VIRGINIA NABS TOP SEED IN NCAA TOURNEY 13 today’s pape r in side
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MYSTERY MEN While Virginia is the top overall seed, coach Tony Bennett and the gritty Cavaliers prefer to fly under the radar 13
Sanctuary state California is united in opposition to Trump’s immigration policies 11
Planes, no tanks
Trump’s military parade will have a flyover, but no big land vehicles 6
THINKSTOCK, WASHINGTON POST AND GETTY IMAGES/EXPRESS ILLUSTRATION
Just short Tiger ties for second, the closest he’s come to winning in 5 years 17
Parkland fallout Schools are struggling to prepare for walkouts over gun deaths 8 am
40 | 32
2 | EXPRESS | 03.12.2018 | MONDAY
VYACHESLAV OSELEDKO (AFP/GETTY IMAGES)
SOUTH OF THE BORDER
CRUEL AND UNUSUAL
Kyrgyz chefs cook noodles with meat in the national Beshbarmak dish Sunday as they attempt a Guinness World Record in Bishkek, Kyrgyzstan, for the largest such dish. The Beshbarmak weighed 3,228 pounds, organizers said.
Mysterious stranger charms locals, alarms authorities
When a cereal box is old enough to drink, it is too old to eat
A horse in a nightclub, of course, of course that’s against the law
A couple in Lakewood, Colo., say they purchased a 21-year-old box of cereal from a local Walmart, UPI reported Friday. Anthea Carelse took only a couple of bites before noticing something was off with her Quaker granola, but her husband, Josiah, ate an entire bowl — after which the two discovered the box’s expiration date read Feb. 22, 1997. Walmart says it is investigating the incident. (EXPRESS)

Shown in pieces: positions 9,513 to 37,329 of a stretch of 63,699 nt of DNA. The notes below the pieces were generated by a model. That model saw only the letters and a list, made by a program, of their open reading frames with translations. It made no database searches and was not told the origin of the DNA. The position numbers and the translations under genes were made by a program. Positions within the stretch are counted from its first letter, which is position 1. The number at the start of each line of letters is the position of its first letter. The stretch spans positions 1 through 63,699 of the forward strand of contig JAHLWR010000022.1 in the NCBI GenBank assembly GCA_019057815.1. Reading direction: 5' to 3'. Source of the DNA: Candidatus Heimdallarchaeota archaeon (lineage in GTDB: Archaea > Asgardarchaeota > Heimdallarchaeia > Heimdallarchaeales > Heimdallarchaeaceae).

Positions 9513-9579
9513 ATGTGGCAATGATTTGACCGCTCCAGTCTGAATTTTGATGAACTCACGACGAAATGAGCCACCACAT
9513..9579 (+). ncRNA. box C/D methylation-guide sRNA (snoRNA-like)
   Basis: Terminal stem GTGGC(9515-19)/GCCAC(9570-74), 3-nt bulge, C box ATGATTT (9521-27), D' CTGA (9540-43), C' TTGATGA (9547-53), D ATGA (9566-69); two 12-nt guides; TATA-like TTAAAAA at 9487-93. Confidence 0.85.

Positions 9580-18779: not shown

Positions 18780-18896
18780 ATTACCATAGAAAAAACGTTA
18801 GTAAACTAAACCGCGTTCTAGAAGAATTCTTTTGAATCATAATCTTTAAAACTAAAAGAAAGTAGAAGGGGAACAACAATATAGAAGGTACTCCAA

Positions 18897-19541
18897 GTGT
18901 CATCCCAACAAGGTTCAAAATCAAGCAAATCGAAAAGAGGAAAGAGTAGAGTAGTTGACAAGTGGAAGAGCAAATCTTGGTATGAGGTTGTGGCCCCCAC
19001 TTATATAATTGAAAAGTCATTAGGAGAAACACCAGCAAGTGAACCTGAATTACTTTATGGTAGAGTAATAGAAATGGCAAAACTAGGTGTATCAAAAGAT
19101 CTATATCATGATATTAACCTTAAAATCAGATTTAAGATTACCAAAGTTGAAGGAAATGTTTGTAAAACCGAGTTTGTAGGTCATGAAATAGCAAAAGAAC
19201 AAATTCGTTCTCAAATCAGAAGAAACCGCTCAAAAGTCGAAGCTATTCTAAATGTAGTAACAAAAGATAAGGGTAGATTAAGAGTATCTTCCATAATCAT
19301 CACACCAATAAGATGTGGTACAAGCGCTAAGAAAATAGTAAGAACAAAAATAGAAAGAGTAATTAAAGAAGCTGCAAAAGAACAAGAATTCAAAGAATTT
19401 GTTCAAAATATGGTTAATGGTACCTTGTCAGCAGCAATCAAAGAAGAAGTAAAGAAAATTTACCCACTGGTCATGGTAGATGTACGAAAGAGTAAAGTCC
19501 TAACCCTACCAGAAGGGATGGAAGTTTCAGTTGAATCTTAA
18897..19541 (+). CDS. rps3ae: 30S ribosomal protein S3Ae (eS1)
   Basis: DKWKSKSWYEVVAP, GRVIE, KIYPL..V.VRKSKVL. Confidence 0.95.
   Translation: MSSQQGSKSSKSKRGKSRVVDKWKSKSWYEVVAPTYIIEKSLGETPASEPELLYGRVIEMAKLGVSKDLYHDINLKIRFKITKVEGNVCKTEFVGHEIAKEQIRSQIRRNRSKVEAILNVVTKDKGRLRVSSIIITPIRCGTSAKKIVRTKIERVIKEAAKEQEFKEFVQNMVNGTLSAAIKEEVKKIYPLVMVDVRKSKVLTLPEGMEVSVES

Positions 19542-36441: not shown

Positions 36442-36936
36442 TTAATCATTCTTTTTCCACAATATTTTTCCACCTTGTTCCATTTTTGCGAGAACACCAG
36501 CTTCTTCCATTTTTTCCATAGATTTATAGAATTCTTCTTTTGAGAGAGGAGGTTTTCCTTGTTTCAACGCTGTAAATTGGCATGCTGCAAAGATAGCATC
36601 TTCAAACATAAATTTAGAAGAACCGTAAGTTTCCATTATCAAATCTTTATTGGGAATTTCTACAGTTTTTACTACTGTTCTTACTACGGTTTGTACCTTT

Footage of a scantily clad woman riding a white horse has prompted officials to shut down a nightclub in Miami Beach, Fla. A video went viral Thursday night that showed the woman riding the horse inside the club. As the animal moved through the crowded space, it stumbled, and the woman fell off. Police and code enforcement officers began investigating, and by Friday the club’s business license had been revoked. (AP)
Authorities are worried about a hippopotamus that has been roaming loose in a swampy area of southern Mexico. Nobody knows where it came from, but hippos are not native to the country. The hippo appears to have been living in two ponds near Las Chopas, in the state of Veracruz. It was first spotted by local media near a garbage dump in January. Residents have come to love the animal so much they nicknamed it “Tyson.” (AP)
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MONDAY | 03.12.2018 | EXPRESS | 3
At 92, she’s still a Girl Scout
Anna Foultz has volunteered with the Girl Scouts for more than 60 years.
service projects, serve as delegates at the national Girl Scout conventions and become mentors to younger scouts. Foultz, a mother of four, became involved in the Girl Scouts in 1955. She and her motherin-law started a troop at an elementary school in Philadelphia so that Foultz’s oldest daughter could be involved, she recalled in a memoir she recently published called “Two Steps Forward.” Foultz dove into her new role, devouring training manuals and